Harlow MP quizzed over number of female apprenticeships
Politics / Fri 28th Oct 2016 pm31 12:34pm
HARLOW MP, Robert Halfon rose on the floor of the House of Commons to answer questions on female apprenticeships.
Jess Phillips Labour, Birmingham, Yardley
To ask the Secretary of State for Education, what (a) financial and (b) childcare support is offered to young women who work as apprentices in the (i) engineering, (ii) manufacturing, (iii) hospitality, (iv) IT, (v) transport and (vi) science sectors.
Robert Halfon The Minister for Schools
An apprenticeship is a paid job. As an apprentice, an individual can acquire skills much-valued in the labour market without having to contribute to the costs of their learning. The benefits system treats an apprentice in the same way as any other employee regardless of the sector they are working in. As an employee aged 18 or over, an apprentice may be entitled to the usual in-work benefits, such as Child Tax Credit and Working Tax Credits.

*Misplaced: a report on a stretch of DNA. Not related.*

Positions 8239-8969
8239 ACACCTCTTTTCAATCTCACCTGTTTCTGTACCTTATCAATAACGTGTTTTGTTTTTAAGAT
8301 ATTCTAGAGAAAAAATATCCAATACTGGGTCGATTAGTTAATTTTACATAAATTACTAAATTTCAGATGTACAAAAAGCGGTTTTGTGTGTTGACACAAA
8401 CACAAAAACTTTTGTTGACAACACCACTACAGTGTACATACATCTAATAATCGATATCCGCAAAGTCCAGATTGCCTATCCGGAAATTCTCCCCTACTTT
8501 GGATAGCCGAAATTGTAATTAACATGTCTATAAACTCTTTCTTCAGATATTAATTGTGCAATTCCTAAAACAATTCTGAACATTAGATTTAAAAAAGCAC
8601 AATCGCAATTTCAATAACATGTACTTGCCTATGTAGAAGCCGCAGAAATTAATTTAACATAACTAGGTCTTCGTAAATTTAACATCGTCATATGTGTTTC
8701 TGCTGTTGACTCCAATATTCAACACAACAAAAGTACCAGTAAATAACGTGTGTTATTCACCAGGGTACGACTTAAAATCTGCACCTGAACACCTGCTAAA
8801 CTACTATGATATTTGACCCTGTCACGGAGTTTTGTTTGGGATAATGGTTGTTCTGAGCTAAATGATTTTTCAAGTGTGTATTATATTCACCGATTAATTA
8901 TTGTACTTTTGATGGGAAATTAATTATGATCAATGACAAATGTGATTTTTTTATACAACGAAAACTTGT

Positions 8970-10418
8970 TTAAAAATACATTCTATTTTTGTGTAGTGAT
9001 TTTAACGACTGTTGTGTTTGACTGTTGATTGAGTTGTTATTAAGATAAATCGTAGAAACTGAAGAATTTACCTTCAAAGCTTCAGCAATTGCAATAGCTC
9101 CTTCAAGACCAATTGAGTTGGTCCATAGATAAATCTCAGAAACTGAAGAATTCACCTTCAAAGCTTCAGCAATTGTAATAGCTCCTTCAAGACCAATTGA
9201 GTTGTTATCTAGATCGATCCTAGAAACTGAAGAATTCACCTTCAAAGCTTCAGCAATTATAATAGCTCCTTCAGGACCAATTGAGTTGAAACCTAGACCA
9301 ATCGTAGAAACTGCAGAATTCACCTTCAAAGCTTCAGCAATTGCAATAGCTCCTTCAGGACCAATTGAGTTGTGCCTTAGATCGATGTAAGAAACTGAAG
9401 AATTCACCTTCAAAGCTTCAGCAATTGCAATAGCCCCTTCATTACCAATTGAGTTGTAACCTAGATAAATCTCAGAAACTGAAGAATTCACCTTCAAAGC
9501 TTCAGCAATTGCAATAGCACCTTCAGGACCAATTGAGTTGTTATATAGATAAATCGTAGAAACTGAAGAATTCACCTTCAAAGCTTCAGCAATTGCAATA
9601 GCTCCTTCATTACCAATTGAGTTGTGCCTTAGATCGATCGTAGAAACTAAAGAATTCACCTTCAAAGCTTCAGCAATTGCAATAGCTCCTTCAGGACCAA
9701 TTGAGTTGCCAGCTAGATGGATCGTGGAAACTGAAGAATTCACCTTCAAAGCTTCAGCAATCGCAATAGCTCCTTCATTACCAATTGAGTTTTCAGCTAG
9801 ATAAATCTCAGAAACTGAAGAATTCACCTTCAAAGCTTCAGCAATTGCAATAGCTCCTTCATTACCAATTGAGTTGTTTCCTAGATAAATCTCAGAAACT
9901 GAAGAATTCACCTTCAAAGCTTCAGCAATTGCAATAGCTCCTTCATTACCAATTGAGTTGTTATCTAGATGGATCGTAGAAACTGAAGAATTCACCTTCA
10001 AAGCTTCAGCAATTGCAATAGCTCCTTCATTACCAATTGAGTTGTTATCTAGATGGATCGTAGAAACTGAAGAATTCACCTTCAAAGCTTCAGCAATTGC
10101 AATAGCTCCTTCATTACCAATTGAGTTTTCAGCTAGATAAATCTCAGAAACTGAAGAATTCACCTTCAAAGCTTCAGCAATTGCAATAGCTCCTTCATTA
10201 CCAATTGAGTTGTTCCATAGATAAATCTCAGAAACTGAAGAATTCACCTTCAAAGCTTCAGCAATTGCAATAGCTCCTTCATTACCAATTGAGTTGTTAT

If an apprentice has children, or is aged 16 or over and does paid work of at least 16 hours a week, they could qualify for tax credits, unless they are already earning £25,000 or more per year. Further information can be found on the tax credit section of the HMRC website.
The Apprentice National Minimum Wage applies equally to all apprentices regardless of gender. Most apprentices receive more than the apprentice minimum rate of £3.40 per hour. The latest Apprenticeship Pay Survey (2014) estimates that the median hourly pay for Level 2 and Level 3 female apprentices across Great Britain is £6.36. For males it was £6.19. Differences in pay may be related to the proportion of males and females in higher and lower paid apprenticeship occupations.
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